Summit Hardscaping: Taking advantage of having the right team

Updated Nov 23, 2018
(From left to right) Andrew Lucas, Shane Hartzheim, Justin Temple and Ben Magalis are all part of Summit’s crew. Photo: Jill Odom(From left to right) Andrew Lucas, Shane Hartzheim, Justin Temple and Ben Magalis are all part of Summit’s crew.
Photo: Jill Odom

This is part two in a two-part series. Click here to read part one.

Summit Hardscaping based in Fort Collins, Colorado, isn’t large by any means, but its current staff of employees has allowed Dave Doyle, president of the company, to move out of the field and become more of an owner.

Cara Doyle, vice president of Summit and Dave’s wife, says the hiring of Justin Temple, their operations manager, was particularly important.

“For years, we struggled with me not having to do everything,” Dave says. “So, having them on board, they’re often reminding me they don’t need my help, which has been my dream for a long, long time to be able to oversee and not be such a critical part of production.”

While Dave has traditionally handled the design work, he says they are considering bringing on a designer full time to further allow him to focus on the ownership side of things.

“We’re truly seeing (ownership matters) are more important than we thought,” Dave says. “It’s not just making the absolute decisions. It’s seeing ahead, job costing, things like that. So, I need to get myself a little bit away from the design side of things.”

Keys to success

Yet Summit would not have seen double digit growth for a number of years and survived the recession if it wasn’t doing something right.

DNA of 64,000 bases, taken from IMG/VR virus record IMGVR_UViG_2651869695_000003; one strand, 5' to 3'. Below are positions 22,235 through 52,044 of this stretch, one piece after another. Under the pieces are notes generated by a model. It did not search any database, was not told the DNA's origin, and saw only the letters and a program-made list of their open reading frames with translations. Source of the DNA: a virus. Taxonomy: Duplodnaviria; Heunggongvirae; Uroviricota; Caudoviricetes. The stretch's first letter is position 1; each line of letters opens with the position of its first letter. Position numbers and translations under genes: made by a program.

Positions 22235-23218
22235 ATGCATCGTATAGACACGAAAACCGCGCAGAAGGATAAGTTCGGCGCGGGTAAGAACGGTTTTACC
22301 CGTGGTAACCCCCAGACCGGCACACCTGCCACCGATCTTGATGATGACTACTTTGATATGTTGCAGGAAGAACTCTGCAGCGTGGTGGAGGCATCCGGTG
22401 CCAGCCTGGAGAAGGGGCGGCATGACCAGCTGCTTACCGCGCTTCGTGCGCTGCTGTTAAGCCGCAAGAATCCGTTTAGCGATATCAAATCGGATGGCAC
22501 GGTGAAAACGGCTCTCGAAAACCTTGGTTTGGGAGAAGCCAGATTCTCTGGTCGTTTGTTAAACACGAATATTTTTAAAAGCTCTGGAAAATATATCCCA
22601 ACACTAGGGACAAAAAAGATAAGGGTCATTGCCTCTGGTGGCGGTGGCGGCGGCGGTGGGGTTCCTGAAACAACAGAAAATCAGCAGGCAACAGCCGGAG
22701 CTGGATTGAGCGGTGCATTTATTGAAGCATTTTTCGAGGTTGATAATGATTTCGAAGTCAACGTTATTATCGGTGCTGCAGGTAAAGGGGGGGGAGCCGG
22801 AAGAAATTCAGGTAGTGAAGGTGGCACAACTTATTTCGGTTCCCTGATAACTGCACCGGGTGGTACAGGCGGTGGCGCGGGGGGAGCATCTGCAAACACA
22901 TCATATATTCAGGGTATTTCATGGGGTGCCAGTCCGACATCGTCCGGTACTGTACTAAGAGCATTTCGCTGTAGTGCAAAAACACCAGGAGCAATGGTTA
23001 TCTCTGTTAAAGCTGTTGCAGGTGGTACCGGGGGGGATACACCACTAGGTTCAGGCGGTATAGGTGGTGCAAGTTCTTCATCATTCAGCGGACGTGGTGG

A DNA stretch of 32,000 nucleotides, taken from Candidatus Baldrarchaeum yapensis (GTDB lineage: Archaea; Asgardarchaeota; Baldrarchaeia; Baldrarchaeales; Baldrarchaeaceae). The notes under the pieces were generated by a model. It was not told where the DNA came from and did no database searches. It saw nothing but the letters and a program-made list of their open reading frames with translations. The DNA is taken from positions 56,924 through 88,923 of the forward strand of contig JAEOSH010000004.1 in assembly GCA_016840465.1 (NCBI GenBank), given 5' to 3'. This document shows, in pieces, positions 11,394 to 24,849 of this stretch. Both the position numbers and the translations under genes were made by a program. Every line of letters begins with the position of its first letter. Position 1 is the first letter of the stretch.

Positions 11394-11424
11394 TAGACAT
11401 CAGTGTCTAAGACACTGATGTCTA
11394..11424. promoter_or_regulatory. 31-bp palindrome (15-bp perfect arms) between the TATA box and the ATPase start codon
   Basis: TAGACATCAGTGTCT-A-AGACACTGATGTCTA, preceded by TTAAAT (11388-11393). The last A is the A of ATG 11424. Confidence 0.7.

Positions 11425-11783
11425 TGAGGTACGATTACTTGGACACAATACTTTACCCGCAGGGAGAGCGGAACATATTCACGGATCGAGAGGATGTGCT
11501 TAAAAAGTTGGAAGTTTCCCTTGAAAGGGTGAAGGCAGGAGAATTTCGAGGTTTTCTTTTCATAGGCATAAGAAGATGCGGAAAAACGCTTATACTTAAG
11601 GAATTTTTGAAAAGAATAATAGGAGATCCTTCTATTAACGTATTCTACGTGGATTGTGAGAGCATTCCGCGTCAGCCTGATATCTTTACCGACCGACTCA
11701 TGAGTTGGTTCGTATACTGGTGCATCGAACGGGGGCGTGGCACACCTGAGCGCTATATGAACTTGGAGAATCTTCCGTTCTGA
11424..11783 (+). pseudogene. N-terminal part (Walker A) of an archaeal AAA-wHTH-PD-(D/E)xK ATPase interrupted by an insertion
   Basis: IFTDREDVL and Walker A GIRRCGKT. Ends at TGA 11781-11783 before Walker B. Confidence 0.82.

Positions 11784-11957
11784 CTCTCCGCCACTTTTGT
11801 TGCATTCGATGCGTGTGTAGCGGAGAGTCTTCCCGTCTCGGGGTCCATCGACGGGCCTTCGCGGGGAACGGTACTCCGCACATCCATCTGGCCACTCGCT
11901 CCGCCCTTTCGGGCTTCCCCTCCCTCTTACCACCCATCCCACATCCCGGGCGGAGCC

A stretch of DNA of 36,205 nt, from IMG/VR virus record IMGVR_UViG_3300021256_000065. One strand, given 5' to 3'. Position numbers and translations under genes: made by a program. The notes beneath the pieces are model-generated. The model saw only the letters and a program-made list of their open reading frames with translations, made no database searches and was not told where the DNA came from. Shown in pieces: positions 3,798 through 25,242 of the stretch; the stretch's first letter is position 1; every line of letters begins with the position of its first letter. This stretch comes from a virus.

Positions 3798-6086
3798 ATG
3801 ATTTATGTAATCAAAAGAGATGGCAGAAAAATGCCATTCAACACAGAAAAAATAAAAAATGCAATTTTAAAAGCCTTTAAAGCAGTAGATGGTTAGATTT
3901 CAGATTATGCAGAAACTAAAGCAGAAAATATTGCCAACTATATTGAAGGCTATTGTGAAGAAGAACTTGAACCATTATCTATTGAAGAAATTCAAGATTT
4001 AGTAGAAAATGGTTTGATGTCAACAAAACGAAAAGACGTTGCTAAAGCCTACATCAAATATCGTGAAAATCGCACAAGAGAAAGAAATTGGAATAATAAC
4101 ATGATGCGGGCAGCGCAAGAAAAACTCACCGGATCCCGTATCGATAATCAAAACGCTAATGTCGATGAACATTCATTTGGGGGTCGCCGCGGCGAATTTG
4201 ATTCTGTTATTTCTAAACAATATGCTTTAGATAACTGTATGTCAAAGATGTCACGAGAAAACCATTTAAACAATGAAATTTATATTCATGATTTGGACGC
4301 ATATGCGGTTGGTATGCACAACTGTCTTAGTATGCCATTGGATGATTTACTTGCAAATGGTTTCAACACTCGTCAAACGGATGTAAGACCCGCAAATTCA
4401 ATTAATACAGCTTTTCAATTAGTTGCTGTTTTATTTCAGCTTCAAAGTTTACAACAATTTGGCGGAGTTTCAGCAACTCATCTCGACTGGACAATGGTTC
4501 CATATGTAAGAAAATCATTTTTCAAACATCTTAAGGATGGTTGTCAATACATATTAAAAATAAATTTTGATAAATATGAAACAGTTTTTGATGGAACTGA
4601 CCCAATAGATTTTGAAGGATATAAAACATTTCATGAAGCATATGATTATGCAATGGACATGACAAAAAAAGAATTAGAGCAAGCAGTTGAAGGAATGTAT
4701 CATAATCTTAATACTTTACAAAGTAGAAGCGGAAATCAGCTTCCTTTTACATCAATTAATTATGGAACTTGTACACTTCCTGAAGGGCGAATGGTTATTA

Photo: Summit HardscapingPhoto: Summit Hardscaping

Dave credits his company’s success to a number of factors, including selecting a specialty and finding the right customers.

Aside from keeping his employees happy by selecting jobs he knows they would like to work, Dave says it’s important to enjoy the journey yourself.

It can be stressful trying to connect all the dots sometimes,” Dave says. “We realized that it’s kind of like first world problems, if you will. The problems that exist are really not that big of a deal. That’s part of why we enjoy this industry so much because you’re beautifying somebody’s problems that can always be overcome.”

Some advice that Dave says he’d give himself if he was starting all over is to find his niche earlier on.

“I’d probably say specialize more and do something and do it well and be known for that,” he says.

While Dave encourages others to find what they want to specialize in quickly, he acknowledges you can still learn a great deal from trial and error. He believes that the industry is headed towards more specialization as a whole as business continues to pick up.

After finding the right services for your business, Dave says it is equally important to find the right customers.

“When we’re being interviewed for a project by a customer, we feel like, in turn, we’re doing the same thing to them because we really have to have that relationship, and so we see red flags,” Dave says.

Photo: Summit HardscapingPhoto: Summit Hardscaping

He says their company has a green light, yellow light, red light system for leads. A green light customer is one they definitely need to go forward with, while a yellow light client is one that still needs feeling out. A red light customer would be a project that is immediately not suited for Summit.

Dave says he is a very instinctive person and can usually tell if a project or person is going to be trouble.

“I think identifying that relationship in the beginning has been a good key for us and then, of course, that lines up with the budget and the return side of things and keeping our employees happy,” Dave says. “I think the employee side is very, very big and then just getting the right customers and seeking those out, I think that’s our key.”